"...the mind of a child takes or rejects according to its needs... the mind, in fact, requires sustenance––as does the body, in order that it increase and be strong; but because the mind is not to be measured or weighed but is spiritual, so its sustenance must be spiritual too, must, in fact, be ideas (in the Platonic sense of images).
"...education is of the spirit and is not to be taken in by the eye or effected by the hand; mind appeals to mind and thought begets thought and that is how we become educated. For this reason we owe it to every child to put him in communication with great minds that he may get at great thoughts; with the minds, that is, of those who have left us great works; and the only vital method of education appears to be that children should read worthy books, many worthy books.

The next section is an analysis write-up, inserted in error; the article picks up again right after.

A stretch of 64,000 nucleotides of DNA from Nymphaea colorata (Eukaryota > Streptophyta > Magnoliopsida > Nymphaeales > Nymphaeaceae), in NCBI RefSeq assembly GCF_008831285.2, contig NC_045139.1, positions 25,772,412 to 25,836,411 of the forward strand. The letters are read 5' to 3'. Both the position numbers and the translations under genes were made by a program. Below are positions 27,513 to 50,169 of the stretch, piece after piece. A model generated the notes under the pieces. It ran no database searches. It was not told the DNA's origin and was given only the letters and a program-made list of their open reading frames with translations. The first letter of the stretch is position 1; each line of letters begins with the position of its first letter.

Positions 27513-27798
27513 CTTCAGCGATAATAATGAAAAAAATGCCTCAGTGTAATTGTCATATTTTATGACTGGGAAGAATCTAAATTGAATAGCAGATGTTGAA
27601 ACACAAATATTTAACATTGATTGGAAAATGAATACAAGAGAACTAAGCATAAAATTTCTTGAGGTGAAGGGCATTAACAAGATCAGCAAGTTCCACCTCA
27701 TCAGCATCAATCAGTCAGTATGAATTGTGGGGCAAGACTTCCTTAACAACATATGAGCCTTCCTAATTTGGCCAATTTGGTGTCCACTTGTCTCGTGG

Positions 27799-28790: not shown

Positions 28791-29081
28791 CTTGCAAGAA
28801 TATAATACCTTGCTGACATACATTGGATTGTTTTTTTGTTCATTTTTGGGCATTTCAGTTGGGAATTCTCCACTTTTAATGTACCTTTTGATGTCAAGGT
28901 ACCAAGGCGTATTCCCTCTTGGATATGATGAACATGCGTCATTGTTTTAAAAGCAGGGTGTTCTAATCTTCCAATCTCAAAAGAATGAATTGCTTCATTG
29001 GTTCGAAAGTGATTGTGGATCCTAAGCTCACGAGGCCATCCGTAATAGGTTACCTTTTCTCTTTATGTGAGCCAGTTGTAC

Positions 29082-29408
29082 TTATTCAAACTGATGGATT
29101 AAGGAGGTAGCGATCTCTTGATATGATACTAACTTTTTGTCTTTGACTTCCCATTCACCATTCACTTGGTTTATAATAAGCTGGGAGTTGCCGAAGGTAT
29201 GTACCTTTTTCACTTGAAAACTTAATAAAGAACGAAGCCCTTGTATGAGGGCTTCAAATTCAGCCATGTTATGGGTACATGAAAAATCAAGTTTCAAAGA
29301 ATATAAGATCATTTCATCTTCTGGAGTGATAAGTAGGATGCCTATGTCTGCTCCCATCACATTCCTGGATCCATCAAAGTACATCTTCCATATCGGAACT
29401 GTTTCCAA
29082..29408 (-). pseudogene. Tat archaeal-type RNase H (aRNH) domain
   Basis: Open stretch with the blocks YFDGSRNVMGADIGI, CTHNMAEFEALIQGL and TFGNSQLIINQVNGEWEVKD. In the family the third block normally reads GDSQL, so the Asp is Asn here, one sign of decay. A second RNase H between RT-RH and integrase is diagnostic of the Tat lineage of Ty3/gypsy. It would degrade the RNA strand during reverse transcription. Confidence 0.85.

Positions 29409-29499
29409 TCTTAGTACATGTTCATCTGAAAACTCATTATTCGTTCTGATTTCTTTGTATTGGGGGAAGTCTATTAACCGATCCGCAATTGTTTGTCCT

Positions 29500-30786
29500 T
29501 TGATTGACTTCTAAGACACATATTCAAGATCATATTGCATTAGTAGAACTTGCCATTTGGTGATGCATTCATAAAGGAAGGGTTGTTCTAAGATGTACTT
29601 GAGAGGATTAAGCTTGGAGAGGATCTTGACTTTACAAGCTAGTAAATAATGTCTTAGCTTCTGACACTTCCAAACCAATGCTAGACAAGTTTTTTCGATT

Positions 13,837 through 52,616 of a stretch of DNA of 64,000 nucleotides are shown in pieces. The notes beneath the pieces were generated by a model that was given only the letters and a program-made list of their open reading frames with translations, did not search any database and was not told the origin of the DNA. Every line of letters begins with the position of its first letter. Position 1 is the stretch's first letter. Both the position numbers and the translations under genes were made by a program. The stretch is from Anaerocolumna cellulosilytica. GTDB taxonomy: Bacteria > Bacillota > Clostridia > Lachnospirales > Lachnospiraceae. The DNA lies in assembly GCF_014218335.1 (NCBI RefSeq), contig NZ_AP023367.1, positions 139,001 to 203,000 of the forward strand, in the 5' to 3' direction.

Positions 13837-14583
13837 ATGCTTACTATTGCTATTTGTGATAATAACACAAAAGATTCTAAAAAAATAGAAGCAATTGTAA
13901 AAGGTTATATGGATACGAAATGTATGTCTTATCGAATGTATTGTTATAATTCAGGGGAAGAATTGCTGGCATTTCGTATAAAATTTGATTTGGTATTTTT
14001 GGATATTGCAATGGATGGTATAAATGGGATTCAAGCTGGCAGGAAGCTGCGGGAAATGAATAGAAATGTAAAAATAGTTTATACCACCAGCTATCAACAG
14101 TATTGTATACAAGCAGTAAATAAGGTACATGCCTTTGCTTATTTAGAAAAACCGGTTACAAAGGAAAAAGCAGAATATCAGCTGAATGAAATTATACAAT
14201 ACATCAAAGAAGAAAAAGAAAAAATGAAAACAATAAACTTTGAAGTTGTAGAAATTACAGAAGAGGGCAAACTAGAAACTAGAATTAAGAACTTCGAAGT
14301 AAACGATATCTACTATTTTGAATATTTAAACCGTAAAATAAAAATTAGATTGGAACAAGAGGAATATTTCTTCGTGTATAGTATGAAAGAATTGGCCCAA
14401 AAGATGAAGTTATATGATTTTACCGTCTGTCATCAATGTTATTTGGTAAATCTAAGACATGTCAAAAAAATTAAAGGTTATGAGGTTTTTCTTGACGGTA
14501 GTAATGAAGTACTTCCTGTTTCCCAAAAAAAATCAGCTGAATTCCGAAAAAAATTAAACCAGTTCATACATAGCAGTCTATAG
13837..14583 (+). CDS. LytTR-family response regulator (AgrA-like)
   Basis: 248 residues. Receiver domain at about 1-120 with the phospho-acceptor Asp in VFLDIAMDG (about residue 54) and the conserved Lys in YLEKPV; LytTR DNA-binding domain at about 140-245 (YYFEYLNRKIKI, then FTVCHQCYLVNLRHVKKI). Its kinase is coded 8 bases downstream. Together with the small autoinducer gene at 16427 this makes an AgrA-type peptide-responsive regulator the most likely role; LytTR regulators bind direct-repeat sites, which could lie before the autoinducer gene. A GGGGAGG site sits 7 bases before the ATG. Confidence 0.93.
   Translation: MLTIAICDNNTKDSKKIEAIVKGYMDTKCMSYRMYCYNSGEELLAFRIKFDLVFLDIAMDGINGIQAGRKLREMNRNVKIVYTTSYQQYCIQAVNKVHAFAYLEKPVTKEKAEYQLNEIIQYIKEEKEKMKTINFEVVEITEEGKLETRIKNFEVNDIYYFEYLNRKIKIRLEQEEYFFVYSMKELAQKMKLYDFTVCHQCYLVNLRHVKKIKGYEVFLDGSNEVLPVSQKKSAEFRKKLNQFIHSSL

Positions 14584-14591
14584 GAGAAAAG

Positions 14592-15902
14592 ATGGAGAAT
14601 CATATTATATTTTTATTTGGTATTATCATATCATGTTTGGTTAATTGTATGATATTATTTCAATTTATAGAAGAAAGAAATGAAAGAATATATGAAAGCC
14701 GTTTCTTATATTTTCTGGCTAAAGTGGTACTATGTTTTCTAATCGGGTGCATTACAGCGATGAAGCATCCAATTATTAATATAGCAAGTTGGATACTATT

"...The teacher affords direction, sympathy in studies, a vivifying word here and there, help in the making of experiments, etc., as well as the usual teaching in languages, experimental science and mathematics."
--Charlotte Mason, Volume 6, Towards a Philosophy of Education